The British Army is preparing to achieve the IOC of the Apache AH-64E next month

The British Army will achieve initial operational capability of the Apache AH-64E attack helicopters in March 2024. So far, the Army has inducted 38 units leaving 12 units to go live.

The new Apache AH-64Es were first delivered in November 2020, when the British Army received two of the attack helicopters from a complement of 50 supplied by the original equipment manufacturer, Boeingas part of an intergovernmental agreement signed with the US in 2016.

The AH-64Es will replace their predecessor, the Apache Mk1 variant, of which leading intelligence consultancy GlobalData says the Army currently has 20 units in active service. These units were originally purchased between 2001 and 2007.

The new variant is considered one of the most advanced multi-role helicopters in the world today, with an improvement over its predecessors, including developments in sensors and new electronics such as communications and data sharing facilities.

Boeing’s latest AH-64E ‘Version 6.5’ successfully completed its maiden flight in October 2023. “These enhancements will take the E-model Apache to the next level of capability, ensuring Apaches continue to dominate on future battlefields,” suggested Christina Upah. vice president of Attack Helicopter Programs and a senior executive at the Boeing Mesa site at the time of the flight.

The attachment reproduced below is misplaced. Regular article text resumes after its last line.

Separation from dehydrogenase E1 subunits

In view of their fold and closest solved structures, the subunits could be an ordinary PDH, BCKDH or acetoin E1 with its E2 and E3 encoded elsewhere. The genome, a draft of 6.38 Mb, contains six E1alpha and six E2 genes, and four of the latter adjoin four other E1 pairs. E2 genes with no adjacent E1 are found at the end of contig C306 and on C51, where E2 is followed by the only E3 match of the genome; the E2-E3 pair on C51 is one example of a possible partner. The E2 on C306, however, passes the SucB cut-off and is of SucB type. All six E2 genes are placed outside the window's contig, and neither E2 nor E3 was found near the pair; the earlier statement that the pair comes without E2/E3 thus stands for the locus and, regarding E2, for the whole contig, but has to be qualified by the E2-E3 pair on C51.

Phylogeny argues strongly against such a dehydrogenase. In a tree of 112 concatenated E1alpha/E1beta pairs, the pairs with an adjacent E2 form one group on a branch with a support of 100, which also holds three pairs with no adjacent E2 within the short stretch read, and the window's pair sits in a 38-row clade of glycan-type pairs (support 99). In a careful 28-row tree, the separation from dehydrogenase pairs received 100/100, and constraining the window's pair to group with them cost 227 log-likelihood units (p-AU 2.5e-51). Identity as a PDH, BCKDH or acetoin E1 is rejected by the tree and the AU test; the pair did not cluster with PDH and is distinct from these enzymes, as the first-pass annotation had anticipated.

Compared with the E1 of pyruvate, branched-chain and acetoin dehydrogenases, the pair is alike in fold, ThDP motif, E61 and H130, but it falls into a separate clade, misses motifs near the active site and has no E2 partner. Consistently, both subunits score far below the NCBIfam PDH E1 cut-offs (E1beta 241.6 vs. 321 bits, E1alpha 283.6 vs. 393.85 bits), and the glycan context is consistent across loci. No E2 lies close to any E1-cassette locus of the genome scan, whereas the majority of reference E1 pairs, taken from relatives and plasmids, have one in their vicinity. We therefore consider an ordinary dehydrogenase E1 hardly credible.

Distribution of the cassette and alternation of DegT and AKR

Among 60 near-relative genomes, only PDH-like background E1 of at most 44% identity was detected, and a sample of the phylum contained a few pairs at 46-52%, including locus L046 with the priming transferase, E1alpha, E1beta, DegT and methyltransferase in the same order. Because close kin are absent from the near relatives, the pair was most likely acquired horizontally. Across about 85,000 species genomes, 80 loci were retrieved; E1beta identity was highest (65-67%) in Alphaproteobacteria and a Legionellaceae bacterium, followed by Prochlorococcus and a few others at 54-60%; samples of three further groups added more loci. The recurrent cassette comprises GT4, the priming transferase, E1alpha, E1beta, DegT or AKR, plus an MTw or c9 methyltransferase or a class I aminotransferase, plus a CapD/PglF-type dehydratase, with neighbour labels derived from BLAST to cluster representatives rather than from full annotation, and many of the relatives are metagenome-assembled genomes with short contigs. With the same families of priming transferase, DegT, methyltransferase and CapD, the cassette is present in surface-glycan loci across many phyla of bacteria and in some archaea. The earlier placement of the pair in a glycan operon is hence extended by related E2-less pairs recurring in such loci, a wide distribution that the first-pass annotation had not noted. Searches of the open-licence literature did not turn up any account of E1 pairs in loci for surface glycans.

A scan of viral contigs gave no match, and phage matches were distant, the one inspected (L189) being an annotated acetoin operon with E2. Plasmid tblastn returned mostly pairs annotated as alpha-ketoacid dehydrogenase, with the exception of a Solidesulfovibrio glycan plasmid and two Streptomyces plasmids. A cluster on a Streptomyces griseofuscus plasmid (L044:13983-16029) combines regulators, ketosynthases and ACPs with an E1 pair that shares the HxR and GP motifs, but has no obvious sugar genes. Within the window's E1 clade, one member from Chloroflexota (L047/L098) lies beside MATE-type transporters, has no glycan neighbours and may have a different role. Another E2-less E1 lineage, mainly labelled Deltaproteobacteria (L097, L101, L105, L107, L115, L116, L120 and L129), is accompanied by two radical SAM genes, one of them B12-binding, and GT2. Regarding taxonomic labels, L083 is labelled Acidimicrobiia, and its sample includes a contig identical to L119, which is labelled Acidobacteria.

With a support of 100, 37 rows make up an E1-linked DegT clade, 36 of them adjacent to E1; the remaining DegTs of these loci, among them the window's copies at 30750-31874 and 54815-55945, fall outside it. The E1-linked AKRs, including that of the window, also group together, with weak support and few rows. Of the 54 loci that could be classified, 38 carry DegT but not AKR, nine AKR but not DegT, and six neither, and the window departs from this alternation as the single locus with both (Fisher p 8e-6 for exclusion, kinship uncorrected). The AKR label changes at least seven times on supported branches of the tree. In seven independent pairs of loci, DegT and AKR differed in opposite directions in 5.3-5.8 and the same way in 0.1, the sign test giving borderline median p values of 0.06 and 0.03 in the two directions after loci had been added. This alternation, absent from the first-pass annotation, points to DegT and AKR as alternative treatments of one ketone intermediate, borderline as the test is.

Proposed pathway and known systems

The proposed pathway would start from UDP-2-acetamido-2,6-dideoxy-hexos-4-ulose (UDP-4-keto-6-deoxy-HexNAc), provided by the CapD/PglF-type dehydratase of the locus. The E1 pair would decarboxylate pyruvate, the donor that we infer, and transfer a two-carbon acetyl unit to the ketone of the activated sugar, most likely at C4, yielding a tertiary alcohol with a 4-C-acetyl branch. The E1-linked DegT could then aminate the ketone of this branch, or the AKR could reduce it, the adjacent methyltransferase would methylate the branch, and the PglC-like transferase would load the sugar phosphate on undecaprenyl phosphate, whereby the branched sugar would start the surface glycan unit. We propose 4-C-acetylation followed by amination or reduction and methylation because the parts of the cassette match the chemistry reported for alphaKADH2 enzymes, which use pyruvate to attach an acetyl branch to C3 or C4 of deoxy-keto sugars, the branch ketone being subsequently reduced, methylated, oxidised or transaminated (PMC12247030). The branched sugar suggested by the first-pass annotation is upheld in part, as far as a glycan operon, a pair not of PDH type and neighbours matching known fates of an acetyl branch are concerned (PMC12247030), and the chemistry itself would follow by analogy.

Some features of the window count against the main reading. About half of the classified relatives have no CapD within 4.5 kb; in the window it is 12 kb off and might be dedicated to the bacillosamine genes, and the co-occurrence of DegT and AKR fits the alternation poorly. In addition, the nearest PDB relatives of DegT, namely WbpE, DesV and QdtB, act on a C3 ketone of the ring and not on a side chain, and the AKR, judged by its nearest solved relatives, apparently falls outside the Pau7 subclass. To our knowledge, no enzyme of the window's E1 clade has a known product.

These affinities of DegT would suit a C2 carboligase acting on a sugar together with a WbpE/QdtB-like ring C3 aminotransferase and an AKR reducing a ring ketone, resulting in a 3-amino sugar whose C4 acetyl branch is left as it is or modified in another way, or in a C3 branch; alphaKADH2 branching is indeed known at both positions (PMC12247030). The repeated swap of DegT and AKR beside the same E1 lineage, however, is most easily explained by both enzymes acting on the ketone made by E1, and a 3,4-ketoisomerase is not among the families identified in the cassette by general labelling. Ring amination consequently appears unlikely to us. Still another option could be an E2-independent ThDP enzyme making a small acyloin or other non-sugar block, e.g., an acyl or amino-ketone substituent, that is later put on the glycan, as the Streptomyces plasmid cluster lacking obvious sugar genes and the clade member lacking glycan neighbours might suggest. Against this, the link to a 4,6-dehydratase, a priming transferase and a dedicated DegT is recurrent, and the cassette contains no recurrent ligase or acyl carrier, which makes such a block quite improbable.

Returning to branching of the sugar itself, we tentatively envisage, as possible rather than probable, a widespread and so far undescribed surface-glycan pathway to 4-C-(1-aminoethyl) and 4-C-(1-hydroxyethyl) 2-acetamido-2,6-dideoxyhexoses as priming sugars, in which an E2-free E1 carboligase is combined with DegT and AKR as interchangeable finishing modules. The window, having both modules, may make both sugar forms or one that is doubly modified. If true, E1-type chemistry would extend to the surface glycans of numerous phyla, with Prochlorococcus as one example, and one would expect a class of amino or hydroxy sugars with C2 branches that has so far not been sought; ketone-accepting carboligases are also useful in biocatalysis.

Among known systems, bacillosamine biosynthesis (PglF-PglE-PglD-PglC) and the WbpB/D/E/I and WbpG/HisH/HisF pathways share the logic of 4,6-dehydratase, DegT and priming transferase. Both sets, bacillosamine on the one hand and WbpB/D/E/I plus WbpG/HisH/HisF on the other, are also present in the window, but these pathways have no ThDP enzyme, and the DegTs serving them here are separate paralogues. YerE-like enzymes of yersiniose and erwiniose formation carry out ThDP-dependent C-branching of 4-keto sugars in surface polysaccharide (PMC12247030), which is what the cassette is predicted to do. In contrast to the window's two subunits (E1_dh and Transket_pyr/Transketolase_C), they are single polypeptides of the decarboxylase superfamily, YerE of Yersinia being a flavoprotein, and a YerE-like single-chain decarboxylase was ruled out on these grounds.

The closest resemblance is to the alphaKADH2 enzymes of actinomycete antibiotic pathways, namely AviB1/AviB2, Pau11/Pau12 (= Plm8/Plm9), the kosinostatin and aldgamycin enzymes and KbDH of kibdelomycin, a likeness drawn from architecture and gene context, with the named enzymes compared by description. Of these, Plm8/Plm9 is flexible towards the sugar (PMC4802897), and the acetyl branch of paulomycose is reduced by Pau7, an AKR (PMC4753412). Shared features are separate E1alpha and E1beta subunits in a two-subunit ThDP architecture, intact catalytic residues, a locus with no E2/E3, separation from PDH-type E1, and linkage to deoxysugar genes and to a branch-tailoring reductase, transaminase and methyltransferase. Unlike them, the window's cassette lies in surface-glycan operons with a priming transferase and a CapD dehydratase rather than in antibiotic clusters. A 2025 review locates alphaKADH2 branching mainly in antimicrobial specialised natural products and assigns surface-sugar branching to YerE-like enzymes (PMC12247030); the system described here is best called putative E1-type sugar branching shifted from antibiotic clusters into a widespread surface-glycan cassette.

According to GlobalData, Boeing designed the AH-64E with an open systems architecture to support long-term plans to position the platform as a key component of multi-domain operations.

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This complements UK MoD procurement reform, in which the Gpovernment is prioritizing a rapid delivery with minimal dominance shaping details, as outlined in the July 2023 Defense Command document.

The latest E-model also provides the ability to gain advantages in highly contested and complex combat environments. The helicopter combines on-board and off-board sensors, connectivity and long-range weapons to ensure the success of current and future joint missions.

Additional reporting by Andrew Salerno-Garthwaite.

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